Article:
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Fenugreek: The rough-and-tough seed

Fenugreek: The rough-and-tough seed

| August 8, 2009 | 2 Comments

When you look at the squat, rectangular and extremely hard seeds of fenugreek, you may wonder why anyone would take any trouble to work with it. But this unyielding spice is accompanied with a nutty, bitter and mellow flavor that could not be replicated by anything else.

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Espetada: Meat-on-a-stick, the Portuguese Way.

Espetada: Meat-on-a-stick, the Portuguese Way.

| August 7, 2009 | 4 Comments

This Portuguese dish is the forefather of Brazilian Churrasco, which goes back to the days when Portugal was a major world player (read: a very, very long time ago.) Espetada is typically served with skewers of tomato, onion, and/or zucchini or other squashes. This preparation deals exclusively with the meat. I however, think that onion and tomato are important to the success of this dish. Especially the tomato. Rub a bit of the charred stuff on some bread which has been soaked in the meat juice. You will thank me for it, I promise.

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KQED Forum: Novella Carpenter’s “Farm City”

KQED Forum: Novella Carpenter’s “Farm City”

| August 6, 2009 | 0 Comments

Novella Carpenter took over an empty lot next to her apartment in Oakland’s gritty Ghost Town neighborhood, and over the years turned it into a lush garden and farm complete with bees, chickens, rabbits and even pigs. Urban farms are popping up in even the most cramped corners of densely populated cities, fueled by a desire for good food and a closer relationship with what we eat. Carpenter joins Forum to talk about her new book, “Farm City: The Education of an Urban Farmer.”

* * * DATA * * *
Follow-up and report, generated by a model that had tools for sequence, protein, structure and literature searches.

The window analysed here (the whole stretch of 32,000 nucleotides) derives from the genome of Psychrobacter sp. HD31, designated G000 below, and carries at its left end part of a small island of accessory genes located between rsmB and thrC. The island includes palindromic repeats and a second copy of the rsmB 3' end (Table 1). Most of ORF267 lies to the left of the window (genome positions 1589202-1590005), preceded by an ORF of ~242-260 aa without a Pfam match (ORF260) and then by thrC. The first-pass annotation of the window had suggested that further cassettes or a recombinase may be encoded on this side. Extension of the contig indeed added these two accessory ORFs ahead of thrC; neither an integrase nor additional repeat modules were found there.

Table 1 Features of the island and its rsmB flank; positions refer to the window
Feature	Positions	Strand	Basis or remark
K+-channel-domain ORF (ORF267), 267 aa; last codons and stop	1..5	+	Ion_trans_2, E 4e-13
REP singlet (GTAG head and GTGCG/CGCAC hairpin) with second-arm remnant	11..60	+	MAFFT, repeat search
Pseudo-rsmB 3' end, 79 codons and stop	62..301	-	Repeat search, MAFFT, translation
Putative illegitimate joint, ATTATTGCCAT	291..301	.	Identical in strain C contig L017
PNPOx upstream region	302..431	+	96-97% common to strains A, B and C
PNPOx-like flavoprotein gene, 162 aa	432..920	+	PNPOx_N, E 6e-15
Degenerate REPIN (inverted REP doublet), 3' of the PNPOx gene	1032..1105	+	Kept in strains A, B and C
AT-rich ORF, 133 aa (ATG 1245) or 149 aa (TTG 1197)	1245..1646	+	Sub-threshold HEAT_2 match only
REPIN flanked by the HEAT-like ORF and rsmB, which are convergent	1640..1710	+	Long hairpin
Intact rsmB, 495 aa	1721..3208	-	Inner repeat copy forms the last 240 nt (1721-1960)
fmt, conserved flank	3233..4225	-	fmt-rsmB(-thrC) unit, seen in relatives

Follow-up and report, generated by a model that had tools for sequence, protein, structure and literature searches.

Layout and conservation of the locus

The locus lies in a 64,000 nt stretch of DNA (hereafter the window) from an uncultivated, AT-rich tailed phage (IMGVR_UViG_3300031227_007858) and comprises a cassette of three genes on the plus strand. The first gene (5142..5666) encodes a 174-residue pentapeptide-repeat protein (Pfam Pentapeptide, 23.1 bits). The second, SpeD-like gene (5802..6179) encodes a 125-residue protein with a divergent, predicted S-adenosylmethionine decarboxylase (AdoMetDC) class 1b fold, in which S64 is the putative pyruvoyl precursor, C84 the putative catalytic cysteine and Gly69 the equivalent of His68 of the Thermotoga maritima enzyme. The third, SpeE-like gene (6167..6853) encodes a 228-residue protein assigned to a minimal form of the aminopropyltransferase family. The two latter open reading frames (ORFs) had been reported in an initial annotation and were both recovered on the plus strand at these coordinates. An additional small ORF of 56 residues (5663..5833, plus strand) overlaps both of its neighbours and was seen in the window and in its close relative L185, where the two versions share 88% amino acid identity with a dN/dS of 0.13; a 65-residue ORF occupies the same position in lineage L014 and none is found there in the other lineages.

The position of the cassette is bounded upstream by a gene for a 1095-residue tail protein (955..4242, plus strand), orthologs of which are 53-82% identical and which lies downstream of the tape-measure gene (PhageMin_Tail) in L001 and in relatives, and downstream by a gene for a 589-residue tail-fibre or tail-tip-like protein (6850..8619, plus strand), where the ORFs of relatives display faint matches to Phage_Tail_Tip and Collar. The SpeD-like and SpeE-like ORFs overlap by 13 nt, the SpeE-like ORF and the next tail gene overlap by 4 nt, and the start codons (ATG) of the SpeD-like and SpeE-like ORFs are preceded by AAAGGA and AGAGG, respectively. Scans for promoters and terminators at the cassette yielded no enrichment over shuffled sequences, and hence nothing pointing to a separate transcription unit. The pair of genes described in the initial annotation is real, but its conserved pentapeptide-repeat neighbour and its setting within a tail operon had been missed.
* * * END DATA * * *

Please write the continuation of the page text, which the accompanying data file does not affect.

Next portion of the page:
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Berkeley Bowl West

Berkeley Bowl West

| August 6, 2009 | 5 Comments

After seven long years of planning, negotiating, and building, Berkeley Bowl has opened a new warehouse-style market just off Ashby in Berkeley near I-80. This is great news for anyone who loves what Berkeley Bowl has to offer but detests actually shopping there. With two large parking lots, a new and clean interior with pretty much everything the old store offers, plus a large café with ample seating, it’s the new go-to East Bay market.

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Summer of Otsu

Summer of Otsu

| August 5, 2009 | 9 Comments

Lately, I’ve been obsessed with this buckwheat soba noodle recipe I spotted on one of my favorite healthy food blogs, 101 Cookbooks. The recipe is originally from Pomelo, a fresh little restaurant serving “global cuisine” in Outer Noe Valley and the Inner Sunset, and let me tell you, it is a keeper. I just cannot seem to tire of it. It’s healthy and light, yet substantial enough to make up a full meal. Plus, it’s a breeze to whip up…and the flavors!

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Pie: A Separate Piece

Pie: A Separate Piece

| August 4, 2009 | 0 Comments

We may be approaching gastronomic Thunderdome, a new quasi-post-apocalyptic condition of eating through recession, where restaurants, having struggled, gradually shutter and practically disappear altogether, surrendering the pitted scene to scrappy, subsistence-level free-agents — wagon-pushers and van vendors — with no regard for increasingly irrelevant health code regulations, much less entrepreneurial convention.
Pie Truck is one of the latest freelance foodie endeavors to garner city-wide attention and, as it turns out, it’s a lovely, deserving operation.